The mother of a Clovis zookeeper said because Gila Monster bites are rare, doctors struggled to figure out how to treat her son.
Sharita Haragan, said her son, Cody Machen suffered a severe, potentially life-threatening reaction after he was bitten by the venomous lizard Wednesday while transferring it between cages at Hillcrest Park Zoo.
Machen’s condition had improved dramatically — he was taken off a ventilator Friday afternoon and breathing independently — and she anticipated he would be moved from the intensive care unit at Plains Regional Medical Center to a regular room soon, she said.
Haragan said her son is still groggy but in good spirits.
Because of Machen’s severe reaction, Haragan said doctors placed him on a ventilator and medication to slow his heart rate.
“If he’d been bitten by a rattlesnake it might have been better because they have anti-venom and they know what to do,” Haragan said.
“It’s actually worse than what people think... From what the doctor told me, there’s never been a fatal (Gila bite) case but it will make you wish you were dead,” Haragan said.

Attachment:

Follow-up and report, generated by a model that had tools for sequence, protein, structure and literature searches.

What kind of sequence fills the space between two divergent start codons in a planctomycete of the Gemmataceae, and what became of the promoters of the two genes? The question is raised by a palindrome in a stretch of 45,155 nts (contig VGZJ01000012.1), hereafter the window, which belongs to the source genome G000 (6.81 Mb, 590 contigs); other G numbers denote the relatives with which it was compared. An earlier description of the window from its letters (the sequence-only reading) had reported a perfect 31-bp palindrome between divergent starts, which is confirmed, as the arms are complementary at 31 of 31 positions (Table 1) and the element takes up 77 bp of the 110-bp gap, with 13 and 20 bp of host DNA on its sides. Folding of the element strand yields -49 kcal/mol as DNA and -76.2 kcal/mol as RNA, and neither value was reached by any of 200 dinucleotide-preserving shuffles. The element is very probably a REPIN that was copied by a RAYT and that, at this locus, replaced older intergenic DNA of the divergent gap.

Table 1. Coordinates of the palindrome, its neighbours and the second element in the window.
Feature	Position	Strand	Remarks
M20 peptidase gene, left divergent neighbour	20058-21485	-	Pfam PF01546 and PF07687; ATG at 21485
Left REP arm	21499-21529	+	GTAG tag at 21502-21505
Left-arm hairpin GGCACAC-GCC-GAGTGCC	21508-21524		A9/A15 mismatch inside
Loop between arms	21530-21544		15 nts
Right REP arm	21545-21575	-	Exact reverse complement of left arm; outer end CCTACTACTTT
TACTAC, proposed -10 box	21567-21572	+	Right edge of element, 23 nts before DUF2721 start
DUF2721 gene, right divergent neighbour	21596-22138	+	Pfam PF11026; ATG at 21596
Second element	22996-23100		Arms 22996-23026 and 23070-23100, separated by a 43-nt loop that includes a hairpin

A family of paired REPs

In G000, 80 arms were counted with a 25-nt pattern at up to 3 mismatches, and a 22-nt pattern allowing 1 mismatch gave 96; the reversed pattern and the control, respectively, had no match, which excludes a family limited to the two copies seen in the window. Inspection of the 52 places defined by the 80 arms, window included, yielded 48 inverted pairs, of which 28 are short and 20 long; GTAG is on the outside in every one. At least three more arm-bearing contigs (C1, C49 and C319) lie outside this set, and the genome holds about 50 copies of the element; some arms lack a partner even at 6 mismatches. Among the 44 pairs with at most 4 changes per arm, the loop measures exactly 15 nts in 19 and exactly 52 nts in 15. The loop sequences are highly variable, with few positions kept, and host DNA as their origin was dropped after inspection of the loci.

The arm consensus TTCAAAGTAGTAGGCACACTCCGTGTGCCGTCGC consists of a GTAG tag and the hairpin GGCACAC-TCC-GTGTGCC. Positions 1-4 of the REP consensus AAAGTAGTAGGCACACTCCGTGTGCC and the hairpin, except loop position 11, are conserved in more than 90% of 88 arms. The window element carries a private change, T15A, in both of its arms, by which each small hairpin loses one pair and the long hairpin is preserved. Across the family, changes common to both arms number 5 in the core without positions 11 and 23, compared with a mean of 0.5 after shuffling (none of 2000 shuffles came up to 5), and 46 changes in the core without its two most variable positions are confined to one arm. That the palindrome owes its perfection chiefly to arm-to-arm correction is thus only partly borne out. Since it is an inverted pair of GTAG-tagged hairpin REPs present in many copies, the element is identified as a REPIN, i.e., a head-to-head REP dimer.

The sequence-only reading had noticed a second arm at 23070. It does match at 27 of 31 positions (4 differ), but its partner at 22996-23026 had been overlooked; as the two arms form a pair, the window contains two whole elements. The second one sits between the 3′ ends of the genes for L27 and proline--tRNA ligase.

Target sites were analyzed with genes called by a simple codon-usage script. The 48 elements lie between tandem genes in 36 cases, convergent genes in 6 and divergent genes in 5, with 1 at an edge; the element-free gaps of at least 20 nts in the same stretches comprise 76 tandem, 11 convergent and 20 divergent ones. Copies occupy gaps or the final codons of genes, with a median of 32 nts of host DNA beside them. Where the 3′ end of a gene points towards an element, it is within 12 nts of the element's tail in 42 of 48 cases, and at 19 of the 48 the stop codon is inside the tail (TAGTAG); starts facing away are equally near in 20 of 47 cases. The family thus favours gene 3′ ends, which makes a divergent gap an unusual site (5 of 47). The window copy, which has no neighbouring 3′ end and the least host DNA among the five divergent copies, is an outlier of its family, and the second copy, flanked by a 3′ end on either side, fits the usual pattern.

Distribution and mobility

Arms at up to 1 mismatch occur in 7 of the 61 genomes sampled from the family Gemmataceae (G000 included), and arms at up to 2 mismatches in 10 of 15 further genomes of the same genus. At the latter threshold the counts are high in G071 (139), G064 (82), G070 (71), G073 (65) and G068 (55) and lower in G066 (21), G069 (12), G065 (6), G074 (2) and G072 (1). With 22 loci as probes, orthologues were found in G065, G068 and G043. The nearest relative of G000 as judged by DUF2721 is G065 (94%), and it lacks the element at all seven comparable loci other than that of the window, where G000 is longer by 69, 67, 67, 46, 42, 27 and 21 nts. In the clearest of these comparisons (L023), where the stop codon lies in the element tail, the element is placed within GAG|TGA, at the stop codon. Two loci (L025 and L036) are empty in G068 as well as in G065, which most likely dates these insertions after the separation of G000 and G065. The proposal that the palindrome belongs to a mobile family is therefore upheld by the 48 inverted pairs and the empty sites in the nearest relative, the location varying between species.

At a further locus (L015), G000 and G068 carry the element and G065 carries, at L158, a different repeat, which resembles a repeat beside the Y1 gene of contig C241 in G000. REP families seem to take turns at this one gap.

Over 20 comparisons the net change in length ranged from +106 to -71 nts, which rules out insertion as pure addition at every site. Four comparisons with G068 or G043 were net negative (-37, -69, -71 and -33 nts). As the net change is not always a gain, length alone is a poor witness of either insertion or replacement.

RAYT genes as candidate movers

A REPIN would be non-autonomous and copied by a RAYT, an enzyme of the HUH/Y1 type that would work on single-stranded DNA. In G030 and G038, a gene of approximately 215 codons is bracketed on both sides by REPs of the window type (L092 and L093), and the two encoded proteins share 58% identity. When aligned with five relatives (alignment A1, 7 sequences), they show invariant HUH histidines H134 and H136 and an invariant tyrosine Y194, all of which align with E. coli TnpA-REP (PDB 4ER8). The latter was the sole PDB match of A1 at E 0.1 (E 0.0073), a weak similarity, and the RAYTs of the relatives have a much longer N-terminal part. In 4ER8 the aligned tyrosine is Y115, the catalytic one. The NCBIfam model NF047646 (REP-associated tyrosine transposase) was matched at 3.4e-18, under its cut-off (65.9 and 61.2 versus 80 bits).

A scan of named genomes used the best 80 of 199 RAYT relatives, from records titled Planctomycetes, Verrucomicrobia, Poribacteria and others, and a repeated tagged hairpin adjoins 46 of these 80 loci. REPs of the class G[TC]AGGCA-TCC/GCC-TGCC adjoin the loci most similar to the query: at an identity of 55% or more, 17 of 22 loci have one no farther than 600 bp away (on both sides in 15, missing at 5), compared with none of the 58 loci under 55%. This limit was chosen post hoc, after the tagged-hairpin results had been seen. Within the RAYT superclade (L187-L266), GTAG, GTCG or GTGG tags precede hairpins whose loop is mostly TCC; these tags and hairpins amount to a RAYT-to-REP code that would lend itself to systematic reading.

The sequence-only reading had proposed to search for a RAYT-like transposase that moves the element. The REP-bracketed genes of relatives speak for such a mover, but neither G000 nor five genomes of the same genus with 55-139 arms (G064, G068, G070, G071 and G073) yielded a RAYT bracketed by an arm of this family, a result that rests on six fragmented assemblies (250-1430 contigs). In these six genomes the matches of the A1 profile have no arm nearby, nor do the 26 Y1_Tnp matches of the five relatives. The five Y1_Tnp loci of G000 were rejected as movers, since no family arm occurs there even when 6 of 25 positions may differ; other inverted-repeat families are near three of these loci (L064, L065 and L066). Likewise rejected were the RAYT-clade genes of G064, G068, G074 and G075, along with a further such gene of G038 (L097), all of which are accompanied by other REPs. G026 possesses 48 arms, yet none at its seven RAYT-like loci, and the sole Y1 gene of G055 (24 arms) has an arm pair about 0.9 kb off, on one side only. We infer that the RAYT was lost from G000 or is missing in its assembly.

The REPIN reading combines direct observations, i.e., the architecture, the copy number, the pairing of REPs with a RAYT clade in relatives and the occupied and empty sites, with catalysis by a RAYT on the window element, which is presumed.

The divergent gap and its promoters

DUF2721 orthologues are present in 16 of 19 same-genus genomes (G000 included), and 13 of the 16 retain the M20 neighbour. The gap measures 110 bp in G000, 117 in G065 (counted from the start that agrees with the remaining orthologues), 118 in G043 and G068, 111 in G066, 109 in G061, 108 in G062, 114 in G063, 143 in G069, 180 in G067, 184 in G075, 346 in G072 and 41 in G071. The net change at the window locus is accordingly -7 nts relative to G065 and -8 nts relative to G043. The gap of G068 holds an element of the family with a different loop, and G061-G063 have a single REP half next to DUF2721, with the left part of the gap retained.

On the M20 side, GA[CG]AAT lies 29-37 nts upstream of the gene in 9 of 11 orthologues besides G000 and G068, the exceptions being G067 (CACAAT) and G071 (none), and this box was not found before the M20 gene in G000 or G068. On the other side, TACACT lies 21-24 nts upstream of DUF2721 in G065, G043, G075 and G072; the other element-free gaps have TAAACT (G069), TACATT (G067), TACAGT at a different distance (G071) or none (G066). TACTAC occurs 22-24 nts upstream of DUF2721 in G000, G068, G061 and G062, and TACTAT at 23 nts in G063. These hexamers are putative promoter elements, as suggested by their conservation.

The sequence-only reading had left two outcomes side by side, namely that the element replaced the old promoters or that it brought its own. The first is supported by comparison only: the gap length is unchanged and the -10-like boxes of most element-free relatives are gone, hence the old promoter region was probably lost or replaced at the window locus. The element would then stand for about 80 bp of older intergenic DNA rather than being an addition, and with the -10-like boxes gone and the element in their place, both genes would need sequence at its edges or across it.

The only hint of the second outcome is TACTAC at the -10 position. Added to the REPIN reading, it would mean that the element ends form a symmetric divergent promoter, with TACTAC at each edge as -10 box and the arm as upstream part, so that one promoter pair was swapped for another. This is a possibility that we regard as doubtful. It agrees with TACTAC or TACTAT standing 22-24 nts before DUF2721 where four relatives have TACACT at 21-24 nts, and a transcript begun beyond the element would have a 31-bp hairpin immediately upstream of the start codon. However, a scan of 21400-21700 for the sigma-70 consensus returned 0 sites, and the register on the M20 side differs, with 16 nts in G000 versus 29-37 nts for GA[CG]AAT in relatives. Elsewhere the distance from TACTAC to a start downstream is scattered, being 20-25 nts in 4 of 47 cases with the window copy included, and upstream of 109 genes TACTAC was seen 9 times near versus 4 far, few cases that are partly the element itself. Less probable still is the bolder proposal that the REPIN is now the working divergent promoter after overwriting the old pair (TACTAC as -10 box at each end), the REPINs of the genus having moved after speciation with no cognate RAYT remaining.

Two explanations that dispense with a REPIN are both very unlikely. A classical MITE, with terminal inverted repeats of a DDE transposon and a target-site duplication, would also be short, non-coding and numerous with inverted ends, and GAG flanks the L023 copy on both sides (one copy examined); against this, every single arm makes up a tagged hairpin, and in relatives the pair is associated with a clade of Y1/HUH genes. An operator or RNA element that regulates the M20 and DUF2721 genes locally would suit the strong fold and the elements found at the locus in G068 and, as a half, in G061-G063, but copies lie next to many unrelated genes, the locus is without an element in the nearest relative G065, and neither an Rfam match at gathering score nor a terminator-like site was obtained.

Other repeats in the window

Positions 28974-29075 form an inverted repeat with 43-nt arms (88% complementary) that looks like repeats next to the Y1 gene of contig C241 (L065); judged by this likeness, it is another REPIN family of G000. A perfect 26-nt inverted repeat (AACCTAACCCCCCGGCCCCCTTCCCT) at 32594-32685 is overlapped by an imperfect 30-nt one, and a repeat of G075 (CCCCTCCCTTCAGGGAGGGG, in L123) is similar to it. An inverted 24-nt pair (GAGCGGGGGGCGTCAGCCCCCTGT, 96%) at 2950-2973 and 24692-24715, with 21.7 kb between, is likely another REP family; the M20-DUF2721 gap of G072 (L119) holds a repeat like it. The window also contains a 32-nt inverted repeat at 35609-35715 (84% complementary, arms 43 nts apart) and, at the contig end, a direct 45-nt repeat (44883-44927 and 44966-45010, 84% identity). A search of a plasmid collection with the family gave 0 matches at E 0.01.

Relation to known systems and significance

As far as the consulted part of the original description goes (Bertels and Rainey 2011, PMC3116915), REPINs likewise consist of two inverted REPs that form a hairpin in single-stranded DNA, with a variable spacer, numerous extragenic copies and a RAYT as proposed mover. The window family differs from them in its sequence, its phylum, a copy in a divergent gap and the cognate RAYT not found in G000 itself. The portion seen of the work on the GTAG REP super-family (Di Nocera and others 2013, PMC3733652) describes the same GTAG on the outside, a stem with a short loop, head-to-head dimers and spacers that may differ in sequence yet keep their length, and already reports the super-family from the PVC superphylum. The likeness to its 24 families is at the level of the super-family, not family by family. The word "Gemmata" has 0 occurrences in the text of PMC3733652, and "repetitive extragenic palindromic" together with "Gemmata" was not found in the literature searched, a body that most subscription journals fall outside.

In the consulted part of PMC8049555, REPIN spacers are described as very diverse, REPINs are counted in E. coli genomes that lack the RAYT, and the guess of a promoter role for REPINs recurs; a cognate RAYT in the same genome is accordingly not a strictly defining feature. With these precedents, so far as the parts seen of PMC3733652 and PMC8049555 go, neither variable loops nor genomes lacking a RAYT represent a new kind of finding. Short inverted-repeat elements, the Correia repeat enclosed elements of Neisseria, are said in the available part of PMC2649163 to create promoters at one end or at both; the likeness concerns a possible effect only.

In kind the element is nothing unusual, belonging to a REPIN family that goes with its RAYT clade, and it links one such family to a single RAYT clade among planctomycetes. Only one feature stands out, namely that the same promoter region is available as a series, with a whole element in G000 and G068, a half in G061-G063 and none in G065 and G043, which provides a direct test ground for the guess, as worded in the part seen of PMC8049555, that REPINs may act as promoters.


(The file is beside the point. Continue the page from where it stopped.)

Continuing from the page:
Machen’s arm is swollen from the shoulder down, about three times normal size, “and looks like a 500-pound person’s hand,” which the doctors have said may last for three weeks or more, his mother reported.
Reactions like Machen’s may be the result of a prolonged bite or a unique, individual response to the venom, according to the U.S. National Library of Medicine Web site.
Cases where the heart and respiratory system react severely to the bite are rare, with only nine cases logged in medical journals between 1956 and 1994, the site said.
The venom from the lizard is comparable to that of a western diamondback rattlesnake but there isn’t enough of it in one bite to be fatal to humans, according to the Smithsonian Web site.
Clovis Parks and Recreation Director Rob Carter said Machen was following procedure when he was handling the reptile, which was about 12-15 inches in length.
The Portales native has always been an animal lover and developed a passion for reptiles in his youth after he “conned his grandparents into getting him an iguana,” Haragan said.
She said she doubts the experience will affect his desire to continue working with animals.
“He said he thought it was phenomenal and (he’s proud because) it’s a story he can tell, but he’s highly upset because there’s not a scar,” she said, laughing.